Banning’s too good for him

QPR captain Joey Barton has been issued with a 12-match ban after being found guilty of two counts of violent. conduct.

It’s a harsh sentence, significantly longer than eight-match ban Luis Suarez received for racially abusing Patrice Evra and longer than the 11-match suspension meted out to Paolo Di Canio after he pushed over referee Paul Alcock. The ban is one of the longest issued by the FA, and reflects less the severity of this particular misdemeanour, and more on the fact that Barton, for all his attempts to portray himself as renaissance man, is actually a habitual re-offender.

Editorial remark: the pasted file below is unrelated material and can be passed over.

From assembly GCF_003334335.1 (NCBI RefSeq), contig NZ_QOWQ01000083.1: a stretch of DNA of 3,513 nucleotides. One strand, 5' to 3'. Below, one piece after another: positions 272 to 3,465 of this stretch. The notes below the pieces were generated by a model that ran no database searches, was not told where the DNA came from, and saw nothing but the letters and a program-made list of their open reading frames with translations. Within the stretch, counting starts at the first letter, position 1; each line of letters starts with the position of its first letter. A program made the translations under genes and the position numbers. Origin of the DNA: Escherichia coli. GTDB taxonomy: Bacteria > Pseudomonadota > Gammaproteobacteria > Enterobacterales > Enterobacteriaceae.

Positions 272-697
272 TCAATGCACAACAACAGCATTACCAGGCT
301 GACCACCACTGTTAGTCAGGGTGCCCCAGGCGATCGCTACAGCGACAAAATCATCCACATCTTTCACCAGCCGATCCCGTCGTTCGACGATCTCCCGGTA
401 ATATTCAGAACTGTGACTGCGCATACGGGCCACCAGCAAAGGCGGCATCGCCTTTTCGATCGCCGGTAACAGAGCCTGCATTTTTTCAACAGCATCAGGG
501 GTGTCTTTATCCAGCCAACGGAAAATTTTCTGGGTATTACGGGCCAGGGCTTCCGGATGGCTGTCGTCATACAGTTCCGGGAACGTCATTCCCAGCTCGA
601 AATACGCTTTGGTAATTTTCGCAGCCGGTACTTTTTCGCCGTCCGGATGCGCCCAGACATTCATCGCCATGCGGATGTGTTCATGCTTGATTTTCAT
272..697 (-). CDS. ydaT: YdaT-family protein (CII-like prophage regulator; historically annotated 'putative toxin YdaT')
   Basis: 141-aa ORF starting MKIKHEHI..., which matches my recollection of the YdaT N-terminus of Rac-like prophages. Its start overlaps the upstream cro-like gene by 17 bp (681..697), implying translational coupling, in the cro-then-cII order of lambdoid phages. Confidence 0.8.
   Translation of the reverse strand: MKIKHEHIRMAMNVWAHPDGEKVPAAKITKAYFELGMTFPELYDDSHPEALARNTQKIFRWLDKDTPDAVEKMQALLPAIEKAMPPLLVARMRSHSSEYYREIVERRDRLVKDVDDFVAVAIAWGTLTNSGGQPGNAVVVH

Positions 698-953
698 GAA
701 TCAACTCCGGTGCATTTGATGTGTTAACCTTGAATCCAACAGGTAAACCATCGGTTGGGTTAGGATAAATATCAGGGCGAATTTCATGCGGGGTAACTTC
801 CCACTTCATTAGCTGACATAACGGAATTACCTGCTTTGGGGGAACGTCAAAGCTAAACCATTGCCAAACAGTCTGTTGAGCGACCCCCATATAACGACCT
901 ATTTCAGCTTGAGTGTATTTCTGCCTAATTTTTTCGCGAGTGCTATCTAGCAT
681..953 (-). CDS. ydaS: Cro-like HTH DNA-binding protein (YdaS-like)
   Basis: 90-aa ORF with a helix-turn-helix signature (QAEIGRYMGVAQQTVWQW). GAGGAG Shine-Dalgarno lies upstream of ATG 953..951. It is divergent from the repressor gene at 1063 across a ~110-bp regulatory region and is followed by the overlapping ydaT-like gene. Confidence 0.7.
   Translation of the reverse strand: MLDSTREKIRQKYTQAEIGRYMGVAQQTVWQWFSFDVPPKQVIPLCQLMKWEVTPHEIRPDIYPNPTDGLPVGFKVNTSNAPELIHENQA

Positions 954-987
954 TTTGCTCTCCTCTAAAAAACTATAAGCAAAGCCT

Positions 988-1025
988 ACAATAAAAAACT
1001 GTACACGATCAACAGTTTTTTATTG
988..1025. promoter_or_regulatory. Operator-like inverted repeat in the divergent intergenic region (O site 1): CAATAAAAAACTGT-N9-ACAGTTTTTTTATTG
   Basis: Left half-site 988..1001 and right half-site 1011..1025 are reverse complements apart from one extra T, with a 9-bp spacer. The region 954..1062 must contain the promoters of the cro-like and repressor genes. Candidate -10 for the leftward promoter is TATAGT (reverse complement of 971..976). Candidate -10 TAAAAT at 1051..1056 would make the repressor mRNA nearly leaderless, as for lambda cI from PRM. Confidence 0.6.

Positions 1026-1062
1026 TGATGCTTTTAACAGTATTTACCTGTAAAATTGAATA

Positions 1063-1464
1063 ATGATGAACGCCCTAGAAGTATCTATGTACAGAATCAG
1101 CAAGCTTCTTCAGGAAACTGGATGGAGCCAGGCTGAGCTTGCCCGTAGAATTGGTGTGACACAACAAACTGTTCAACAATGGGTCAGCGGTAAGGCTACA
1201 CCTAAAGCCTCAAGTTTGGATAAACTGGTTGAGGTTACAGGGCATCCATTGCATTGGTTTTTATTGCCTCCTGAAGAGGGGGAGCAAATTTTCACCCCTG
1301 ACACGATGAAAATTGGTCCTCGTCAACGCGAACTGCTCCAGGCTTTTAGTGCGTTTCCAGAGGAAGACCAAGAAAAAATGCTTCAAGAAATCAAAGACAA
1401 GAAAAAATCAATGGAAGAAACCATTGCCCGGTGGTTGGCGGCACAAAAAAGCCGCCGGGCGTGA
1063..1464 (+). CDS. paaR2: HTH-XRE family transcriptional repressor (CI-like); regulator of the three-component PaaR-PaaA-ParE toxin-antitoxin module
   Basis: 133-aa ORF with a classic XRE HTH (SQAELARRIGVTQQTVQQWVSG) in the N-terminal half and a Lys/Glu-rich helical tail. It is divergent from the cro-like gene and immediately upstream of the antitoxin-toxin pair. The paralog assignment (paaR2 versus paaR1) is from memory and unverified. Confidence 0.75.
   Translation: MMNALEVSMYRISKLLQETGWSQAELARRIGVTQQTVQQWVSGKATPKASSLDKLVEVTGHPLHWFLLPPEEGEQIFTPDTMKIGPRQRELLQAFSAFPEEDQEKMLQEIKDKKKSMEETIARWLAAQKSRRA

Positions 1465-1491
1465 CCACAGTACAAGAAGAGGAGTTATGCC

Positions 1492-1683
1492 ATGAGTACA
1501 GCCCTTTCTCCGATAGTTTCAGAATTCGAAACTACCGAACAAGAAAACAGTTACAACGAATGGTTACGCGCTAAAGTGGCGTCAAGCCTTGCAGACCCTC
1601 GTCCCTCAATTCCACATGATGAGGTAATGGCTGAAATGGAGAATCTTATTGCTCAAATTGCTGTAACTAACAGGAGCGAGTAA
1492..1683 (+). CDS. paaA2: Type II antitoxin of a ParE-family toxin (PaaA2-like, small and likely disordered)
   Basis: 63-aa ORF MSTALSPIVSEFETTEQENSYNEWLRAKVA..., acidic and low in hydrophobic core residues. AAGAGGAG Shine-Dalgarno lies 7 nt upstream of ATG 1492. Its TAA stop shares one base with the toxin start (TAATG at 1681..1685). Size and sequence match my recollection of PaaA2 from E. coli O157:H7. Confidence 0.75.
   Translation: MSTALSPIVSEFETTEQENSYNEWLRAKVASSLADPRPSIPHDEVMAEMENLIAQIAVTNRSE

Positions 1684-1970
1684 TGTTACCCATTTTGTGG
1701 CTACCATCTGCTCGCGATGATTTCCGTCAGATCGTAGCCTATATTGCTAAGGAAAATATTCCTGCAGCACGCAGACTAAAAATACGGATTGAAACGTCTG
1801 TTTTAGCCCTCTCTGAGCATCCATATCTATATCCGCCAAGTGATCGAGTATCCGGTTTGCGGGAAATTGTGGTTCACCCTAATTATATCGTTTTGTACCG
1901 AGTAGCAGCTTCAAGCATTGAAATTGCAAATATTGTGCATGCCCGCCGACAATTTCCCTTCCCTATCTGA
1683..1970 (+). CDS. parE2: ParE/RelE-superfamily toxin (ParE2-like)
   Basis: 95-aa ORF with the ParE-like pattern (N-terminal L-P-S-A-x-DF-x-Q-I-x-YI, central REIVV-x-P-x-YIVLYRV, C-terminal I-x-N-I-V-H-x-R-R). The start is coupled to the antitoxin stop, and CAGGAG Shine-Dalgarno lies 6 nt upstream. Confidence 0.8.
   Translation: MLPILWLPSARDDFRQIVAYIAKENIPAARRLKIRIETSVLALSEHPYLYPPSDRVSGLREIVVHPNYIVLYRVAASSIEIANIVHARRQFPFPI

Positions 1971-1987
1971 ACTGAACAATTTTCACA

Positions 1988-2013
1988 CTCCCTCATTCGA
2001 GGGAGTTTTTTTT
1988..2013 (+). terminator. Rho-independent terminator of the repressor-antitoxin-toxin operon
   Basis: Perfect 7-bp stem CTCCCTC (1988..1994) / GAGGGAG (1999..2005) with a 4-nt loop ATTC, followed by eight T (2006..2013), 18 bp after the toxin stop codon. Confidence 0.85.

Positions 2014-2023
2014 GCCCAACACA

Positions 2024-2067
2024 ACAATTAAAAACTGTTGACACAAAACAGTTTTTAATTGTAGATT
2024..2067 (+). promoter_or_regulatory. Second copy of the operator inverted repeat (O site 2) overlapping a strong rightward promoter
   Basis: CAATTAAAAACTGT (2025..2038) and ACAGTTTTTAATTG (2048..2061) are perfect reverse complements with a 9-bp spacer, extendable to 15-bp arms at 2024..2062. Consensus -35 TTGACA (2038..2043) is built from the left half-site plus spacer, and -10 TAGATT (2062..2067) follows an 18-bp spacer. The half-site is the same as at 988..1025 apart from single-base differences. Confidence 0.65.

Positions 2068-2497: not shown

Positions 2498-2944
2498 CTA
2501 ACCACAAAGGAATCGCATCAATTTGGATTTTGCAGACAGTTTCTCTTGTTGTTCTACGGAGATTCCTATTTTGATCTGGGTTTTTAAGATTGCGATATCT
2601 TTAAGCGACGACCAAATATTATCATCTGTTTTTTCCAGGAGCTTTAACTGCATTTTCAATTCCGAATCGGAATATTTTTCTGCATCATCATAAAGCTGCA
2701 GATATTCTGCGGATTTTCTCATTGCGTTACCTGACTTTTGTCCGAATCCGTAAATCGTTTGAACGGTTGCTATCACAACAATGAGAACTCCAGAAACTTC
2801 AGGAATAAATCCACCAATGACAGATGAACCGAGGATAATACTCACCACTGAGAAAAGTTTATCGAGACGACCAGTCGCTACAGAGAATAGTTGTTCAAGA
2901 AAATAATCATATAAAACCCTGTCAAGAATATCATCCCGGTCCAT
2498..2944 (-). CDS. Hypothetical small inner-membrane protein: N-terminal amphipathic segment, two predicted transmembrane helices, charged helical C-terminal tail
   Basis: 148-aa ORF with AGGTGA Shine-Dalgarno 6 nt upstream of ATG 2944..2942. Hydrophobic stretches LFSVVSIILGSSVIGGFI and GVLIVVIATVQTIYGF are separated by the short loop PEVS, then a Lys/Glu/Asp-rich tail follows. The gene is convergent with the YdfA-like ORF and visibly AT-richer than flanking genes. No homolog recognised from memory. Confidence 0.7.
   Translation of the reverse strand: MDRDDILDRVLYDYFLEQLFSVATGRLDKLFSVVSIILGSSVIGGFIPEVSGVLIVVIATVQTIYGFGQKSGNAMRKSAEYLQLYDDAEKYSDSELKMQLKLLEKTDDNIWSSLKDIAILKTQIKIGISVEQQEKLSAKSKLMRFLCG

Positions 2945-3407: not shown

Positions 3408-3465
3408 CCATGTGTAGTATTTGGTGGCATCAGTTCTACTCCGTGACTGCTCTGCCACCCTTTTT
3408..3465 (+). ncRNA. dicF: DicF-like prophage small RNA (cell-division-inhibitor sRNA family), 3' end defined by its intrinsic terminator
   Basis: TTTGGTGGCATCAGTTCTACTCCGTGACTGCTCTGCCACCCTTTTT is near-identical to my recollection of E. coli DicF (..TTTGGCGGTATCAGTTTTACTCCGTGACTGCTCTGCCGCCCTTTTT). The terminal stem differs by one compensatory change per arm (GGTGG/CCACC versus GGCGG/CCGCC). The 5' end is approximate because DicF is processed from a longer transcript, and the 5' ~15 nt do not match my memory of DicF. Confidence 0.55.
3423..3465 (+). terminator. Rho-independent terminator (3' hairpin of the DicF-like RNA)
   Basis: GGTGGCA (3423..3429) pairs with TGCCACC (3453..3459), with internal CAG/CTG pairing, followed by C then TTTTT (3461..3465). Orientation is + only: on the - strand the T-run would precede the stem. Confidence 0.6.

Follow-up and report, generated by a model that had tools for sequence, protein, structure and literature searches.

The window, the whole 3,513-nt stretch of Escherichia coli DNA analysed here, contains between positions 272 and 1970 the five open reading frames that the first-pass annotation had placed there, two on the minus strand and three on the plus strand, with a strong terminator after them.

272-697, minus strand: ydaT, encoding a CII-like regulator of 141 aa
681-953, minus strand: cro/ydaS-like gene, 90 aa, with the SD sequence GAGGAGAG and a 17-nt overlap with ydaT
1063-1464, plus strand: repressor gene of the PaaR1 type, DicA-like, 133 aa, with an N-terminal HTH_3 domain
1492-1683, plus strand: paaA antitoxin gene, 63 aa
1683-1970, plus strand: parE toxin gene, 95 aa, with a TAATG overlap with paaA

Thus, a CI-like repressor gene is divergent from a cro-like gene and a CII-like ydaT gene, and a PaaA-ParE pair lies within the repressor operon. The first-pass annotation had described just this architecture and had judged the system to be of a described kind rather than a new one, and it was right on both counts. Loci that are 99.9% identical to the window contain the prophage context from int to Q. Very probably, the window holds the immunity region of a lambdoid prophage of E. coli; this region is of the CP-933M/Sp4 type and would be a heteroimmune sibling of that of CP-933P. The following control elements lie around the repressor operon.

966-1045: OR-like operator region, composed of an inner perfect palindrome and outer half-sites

The chairman of the regulatory commission stated after the hearing: “There are rules of conduct that should be adhered to, and such behaviour tarnishes the image of football in this country, particularly as this match was the pinnacle of the domestic season and watched by millions around the globe.”

A bizarre statement. Surely the severity of the punishment should not be determined by the significance of the match, nor the size of the television audience.

So, QPR are stuck with a well-renumerated player on the pay roll who can neither play nor, given his reputation and lengthy suspension, be sold. A clearer case of lose-lose it would be hard to find.

However, one suspects that for Rangers, the suspension itself is not their main concern; when he’s served it and is available for selection again, that’s when their real problems will begin.